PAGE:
by John Bonaduce
On my first day of graduate school I became aware that the auditorium in which we gathered had formerly been a church. Despite efforts to secularize the place, a clear liturgical signature remained: a...
This month’s theme is The Unseen Aid. Enjoy our Weekly Offerings...
News & Updates
Tish’a B’Av (August 7) is a day of mourning over the destruction of Judaism’s First and Second Temples.
On Āshūrāʾ (August 8), Shi’ite Muslims commemorate the martyrdom of Husayn ibn Ali in 680 (CE). However, for the Sunni, Āshūrāʾ is a time to recall Allah’s merciful presence throughout history evidenced in Noah’s safe landing in the ark as well as his guidance of the Children of Israel to the Promised Land. The Islamic schism itself dates from the aforementioned martyrdom of Ali when tribal politics erupted in violence.
For ten days beginning August 8, Zoroastrians observe the Muktad honoring the Fravashis or guardian spirits thought to influence prosperity and family well-being.
On Raksha Bandhan (August 11), Hindu women and girls tie protective talismans around their brothers’ wrists. The festival, which translates to “tying on of protection,” is also the subject of a movie premiering the same date in 2022. Trailers look promising.
I.6.3.08 - Merlin's Prophecy - an excerpt from this lecture.
Seeing Through the Symbol - Q&A
Our gift to you this month is audio lecture titled The Celebration of Life (Audio: Lecture I.1.1). Access this download for free until the end of the month.
Early shrines and cave art suggest that human beings were aware of a grand mystery far beyond themselves more than 100,000 years ago. Modern investigations into early mythologies have revealed basic motifs and recurring themes. Joseph Campbell shows how these ancient myths and symbols celebrate the mysteries of life and can sustain us today.
Got ideas? Share them with a community of like-minded mythmakers at our discussion forum – the Conversations of a Higher Order.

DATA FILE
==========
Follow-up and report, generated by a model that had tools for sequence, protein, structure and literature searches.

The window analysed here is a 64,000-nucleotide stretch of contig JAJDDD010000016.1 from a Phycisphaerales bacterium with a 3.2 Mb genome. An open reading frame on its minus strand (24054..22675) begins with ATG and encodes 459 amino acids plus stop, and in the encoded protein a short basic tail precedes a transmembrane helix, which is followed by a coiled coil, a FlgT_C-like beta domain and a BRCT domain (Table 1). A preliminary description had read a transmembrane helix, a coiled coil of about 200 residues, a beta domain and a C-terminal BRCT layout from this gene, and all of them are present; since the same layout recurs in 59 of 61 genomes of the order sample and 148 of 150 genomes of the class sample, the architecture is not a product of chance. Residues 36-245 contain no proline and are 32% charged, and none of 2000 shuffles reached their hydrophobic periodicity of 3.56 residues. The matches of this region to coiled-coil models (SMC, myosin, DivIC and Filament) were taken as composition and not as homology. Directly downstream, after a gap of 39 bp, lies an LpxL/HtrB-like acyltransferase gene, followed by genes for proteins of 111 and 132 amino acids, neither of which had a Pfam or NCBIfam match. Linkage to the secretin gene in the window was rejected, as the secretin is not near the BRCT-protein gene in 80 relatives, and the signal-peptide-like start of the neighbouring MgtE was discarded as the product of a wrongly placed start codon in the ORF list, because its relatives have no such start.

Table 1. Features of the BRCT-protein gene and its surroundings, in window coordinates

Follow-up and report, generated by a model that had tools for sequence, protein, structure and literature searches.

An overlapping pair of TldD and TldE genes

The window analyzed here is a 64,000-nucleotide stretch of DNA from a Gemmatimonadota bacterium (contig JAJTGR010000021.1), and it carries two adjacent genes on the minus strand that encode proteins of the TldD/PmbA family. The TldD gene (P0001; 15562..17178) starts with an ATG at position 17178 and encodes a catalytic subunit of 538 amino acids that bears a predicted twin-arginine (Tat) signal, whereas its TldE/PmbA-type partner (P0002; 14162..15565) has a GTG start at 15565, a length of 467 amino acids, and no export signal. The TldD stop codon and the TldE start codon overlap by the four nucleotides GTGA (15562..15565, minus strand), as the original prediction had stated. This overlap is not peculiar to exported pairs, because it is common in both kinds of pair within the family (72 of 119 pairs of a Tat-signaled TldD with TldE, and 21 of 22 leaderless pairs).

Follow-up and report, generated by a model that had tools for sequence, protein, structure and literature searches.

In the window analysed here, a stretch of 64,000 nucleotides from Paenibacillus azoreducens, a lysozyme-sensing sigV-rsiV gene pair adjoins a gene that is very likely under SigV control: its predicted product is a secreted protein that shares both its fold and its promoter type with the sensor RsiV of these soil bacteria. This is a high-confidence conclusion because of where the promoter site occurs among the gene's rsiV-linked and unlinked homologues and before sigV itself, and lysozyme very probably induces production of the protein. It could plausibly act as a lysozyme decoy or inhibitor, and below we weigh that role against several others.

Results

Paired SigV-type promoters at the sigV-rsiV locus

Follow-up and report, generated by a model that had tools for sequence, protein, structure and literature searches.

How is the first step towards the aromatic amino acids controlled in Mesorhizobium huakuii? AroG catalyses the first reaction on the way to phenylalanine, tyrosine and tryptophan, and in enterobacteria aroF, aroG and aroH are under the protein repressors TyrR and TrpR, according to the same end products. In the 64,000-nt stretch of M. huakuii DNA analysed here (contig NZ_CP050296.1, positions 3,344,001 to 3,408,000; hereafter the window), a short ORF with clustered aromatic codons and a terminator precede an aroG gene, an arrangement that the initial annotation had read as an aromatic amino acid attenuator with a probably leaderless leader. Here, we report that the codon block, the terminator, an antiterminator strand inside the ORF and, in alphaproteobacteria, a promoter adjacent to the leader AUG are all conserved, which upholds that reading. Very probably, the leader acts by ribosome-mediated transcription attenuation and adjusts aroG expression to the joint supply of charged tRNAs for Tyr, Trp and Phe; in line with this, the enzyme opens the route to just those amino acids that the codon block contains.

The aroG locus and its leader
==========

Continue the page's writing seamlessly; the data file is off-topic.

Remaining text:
Joseph Campbell Book Club
“Travelers to the ancient Greek oracle at the Temple of Apollo at Delphi were greeted with these words, carved into the stone above the door: ‘Know Thyself,’ ‘Nothing in excess,’ ‘Surety brings ruin.’ Somewhere, in the space between these maxims, was the answer to their prayers. In her novel Delphi, Clare Pollard inhabits this space in form and content, and invites us to reflect on our need to know what the gods, the cosmos, or fate has in store for us. Fragments of Greek mythology and a survey of oracular devices are held up to our present-day fears and uncertainty. What fuels our longing to know the future, and how does this desire impact the present?”
Catherine Svehla, PhD
Editorial Advisory Group
Joseph Campbell Foundation
God and Buddhas in the Orient are not final terms like Yahweh, the Trinity, or Allah, in the West—but point beyond themselves to that ineffable being, consciousness, and rapture that is the All in all of us. And in their worship, the ultimate aim is to effect in the devotee a psychological transfiguration through a shift of his plane of vision from the passing to the enduring, through which he may come finally to realize in experience (not simply as an act of faith) that he is identical with that before which he bows